Ice fishing season is almost here
Looking for that perfect gift for the angler or hunter on your Christmas list? If so, a Utah fishing or hunting license might be the answer. These licenses make great Christmas gifts. And they’re easy to buy.
Judi Tutorow, wildlife licensing coordinator for the Division of Wildlife Resources, says winter is a great time to give a license as a gift. “It won’t be long before some of the state’s waters start to ice over,” she says. “When that happens, another ice fishing season will be underway.”
And Tutorow says there’s still a chance to get out and hunt. “Several hunting seasons, including the cottontail rabbit, partridge and snowshoe hare seasons, run through most of the winter,” she says.
Where to get one
The easiest way to buy a fishing or hunting license is at the DWR’s website (wildlife.utah.gov). The licenses are also available at DWR offices and from 320 fishing and hunting license agents across Utah.
Combination licenses — which allow the license holder to fish and hunt small game — are also available at the same locations and at the website.
They’re good for 365 days
In addition to enjoying the outdoors in 2013, the person you give the license to will receive an added bonus — they won’t have to wait until Jan. 1 to use it. Utah fishing and hunting licenses are 365-day licenses. That means they’re good for 365 days from the day you buy one.
For example, if you buy a license on Dec. 12, 2012, the person you give it to can use it immediately. And they can continue using it through Dec. 11, 2013.
(One note: hunting and combination licenses do not include a deer or elk permit and do not allow someone to hunt deer or elk.
Hunters can apply for a 2013 general buck deer permit in February. General elk permits will be available by mid summer on a first-come, first-served basis.)
If you buy a license at the website (wildlife.utah.gov), you can have it mailed to you (so you can wrap it and give it as a gift). Or you can have the license mailed directly to the person you’re buying it for.
It usually takes about five days for the license to arrive in the mail.
In addition to licenses, two-pole fishing permits, setline fishing permits and permits that allow people to pursue cougars with dogs are also available.
Utah resident license and permit costs are as follows:
- Combination license $30
- Fishing license (14 – 64 years old) $26
- Fishing license (65 years old and older) $21
- Fishing license (12 and 13 years old) $5
- Second-pole permit $15
- Setline permit $15
- Hunting license (under 14 years of age) $11
- Hunting license (14 years old and older) $26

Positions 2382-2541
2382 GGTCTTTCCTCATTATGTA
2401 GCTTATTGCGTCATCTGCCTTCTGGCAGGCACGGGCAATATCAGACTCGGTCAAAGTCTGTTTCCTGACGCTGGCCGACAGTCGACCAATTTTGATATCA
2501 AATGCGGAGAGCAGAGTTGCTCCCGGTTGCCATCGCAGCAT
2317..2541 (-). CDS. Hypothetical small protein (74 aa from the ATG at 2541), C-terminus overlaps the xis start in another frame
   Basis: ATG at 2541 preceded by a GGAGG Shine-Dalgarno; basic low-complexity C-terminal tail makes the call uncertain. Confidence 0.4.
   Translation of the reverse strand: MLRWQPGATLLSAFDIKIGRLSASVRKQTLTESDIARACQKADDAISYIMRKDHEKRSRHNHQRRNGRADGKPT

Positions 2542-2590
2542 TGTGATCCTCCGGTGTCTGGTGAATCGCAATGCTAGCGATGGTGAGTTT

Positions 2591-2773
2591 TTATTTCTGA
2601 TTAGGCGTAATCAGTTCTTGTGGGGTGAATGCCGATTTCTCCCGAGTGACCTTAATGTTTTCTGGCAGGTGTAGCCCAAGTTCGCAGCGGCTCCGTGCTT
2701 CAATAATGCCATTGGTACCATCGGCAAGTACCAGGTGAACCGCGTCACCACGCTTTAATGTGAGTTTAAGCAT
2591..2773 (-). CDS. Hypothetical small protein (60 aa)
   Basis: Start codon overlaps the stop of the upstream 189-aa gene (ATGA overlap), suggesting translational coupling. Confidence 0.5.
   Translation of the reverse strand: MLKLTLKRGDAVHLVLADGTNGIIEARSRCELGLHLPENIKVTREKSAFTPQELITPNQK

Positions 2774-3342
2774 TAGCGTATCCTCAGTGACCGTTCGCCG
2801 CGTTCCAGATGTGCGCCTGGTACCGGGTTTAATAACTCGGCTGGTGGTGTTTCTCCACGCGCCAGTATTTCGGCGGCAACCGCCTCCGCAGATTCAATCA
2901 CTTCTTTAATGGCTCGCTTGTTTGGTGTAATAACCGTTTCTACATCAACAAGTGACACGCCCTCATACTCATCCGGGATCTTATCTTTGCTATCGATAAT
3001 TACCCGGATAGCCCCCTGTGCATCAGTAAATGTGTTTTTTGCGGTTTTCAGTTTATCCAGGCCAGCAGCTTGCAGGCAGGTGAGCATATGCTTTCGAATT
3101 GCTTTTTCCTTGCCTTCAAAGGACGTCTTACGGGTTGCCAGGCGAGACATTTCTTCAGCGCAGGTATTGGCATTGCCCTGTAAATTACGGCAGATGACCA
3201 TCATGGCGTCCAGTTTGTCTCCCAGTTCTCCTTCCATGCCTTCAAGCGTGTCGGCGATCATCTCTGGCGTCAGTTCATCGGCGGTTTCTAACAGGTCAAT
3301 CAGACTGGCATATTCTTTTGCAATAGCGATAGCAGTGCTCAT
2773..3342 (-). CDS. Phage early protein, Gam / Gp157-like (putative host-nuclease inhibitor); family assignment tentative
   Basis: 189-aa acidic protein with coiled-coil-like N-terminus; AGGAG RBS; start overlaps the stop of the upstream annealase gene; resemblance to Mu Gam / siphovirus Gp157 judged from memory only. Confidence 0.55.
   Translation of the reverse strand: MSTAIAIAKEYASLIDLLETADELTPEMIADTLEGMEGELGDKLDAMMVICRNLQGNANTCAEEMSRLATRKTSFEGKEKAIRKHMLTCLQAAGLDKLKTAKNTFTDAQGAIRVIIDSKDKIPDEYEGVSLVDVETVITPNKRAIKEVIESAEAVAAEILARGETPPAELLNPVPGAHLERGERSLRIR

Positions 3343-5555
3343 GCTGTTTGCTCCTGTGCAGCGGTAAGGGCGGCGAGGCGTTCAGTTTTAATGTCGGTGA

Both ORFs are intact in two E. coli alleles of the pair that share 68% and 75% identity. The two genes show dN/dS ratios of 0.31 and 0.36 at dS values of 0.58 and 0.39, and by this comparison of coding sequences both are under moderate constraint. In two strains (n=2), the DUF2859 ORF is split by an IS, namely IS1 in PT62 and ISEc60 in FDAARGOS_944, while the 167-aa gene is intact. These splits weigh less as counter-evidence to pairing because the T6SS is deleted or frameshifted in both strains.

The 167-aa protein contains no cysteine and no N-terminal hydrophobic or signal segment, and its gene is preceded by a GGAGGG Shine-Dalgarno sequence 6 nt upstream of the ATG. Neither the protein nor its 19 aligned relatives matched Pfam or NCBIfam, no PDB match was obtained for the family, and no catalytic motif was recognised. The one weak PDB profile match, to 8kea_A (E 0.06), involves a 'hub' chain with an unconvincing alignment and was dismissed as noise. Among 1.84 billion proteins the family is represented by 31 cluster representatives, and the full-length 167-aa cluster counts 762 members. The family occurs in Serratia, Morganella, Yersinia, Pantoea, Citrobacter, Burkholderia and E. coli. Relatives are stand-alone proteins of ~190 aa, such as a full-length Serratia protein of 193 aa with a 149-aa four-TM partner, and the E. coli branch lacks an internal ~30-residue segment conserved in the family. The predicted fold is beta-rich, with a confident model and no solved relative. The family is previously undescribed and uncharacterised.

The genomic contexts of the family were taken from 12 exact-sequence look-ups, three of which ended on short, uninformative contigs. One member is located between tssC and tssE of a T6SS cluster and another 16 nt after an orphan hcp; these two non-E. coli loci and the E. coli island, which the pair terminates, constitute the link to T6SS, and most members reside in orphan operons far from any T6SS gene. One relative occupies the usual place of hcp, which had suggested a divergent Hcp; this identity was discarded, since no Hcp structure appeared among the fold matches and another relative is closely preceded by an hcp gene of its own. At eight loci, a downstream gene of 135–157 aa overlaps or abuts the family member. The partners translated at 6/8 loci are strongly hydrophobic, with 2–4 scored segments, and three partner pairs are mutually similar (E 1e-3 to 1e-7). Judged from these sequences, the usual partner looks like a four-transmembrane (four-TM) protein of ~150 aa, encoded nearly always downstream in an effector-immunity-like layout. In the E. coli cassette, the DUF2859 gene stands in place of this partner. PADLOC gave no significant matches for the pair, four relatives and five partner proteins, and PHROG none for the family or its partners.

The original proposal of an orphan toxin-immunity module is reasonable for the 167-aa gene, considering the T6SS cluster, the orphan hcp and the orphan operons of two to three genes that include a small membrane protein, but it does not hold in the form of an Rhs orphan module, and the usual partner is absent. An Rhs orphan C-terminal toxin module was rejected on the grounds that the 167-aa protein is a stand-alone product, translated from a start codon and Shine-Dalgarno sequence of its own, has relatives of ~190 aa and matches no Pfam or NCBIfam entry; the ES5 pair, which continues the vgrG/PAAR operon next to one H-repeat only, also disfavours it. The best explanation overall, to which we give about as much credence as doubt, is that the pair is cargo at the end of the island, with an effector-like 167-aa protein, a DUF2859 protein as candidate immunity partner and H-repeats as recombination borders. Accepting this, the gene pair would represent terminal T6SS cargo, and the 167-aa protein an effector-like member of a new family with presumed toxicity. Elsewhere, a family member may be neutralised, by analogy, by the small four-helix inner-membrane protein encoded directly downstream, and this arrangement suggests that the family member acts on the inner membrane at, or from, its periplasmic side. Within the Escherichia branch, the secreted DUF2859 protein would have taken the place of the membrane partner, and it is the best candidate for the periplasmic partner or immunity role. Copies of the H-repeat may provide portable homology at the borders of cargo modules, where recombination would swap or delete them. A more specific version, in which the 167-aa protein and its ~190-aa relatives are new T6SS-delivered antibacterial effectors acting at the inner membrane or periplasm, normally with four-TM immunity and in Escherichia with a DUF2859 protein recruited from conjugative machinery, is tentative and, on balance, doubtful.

- Cougar pursuit permit $30
They’re easy to buy
Tutorow says buying a license for someone is easy. “About the only information you need to provide is the person’s name, height, weight, eye color, hair color, date of birth, address and phone number,” she says.
If you buy a hunting or combination license from a license agent or the DWR’s website, you must also supply the person’s “blue card” number. This number verifies that the person you’re buying the license for has completed a DWR-approved hunter education course. The course is required for anyone born after Dec. 31, 1965 who wants to hunt in Utah.
If you buy a fishing or hunting license at a DWR office, you don’t need the person’s blue card number. “Using the computers at our offices,” Tutorow says, “we can verify that the person you’re buying the permit for has completed hunter education.”
She says license agents can’t verify — via computer — that someone has completed hunter education.
“If you buy a hunting or combination license from a license agent,” she says, “you’ll have to give the agent the person’s blue card number.”
Two-pole and setline permits
Two-pole permits allow anglers — who must also possess a fishing license — to fish with two fishing poles at any water that’s open to fishing in Utah.
Setline permits allow anglers to fish with one setline at Utah Lake; in the Bear River proper downstream from the Idaho state line, including Cutler Reservoir and the outlet canals; the Little Bear River below Valley View Highway (state Route 30); the Malad River; and Utah Lake.
Just like with two-pole permits, anglers must also possess a fishing license to fish with a setline. Anglers may not use setlines that contain more than 15 hooks.
For more information about Utah fishing and hunting licenses, call the nearest Division of Wildlife Resources office or the DWR’s Salt Lake City office at (801) 538-4700.
Image courtesy Utah Division of Wildlife Resources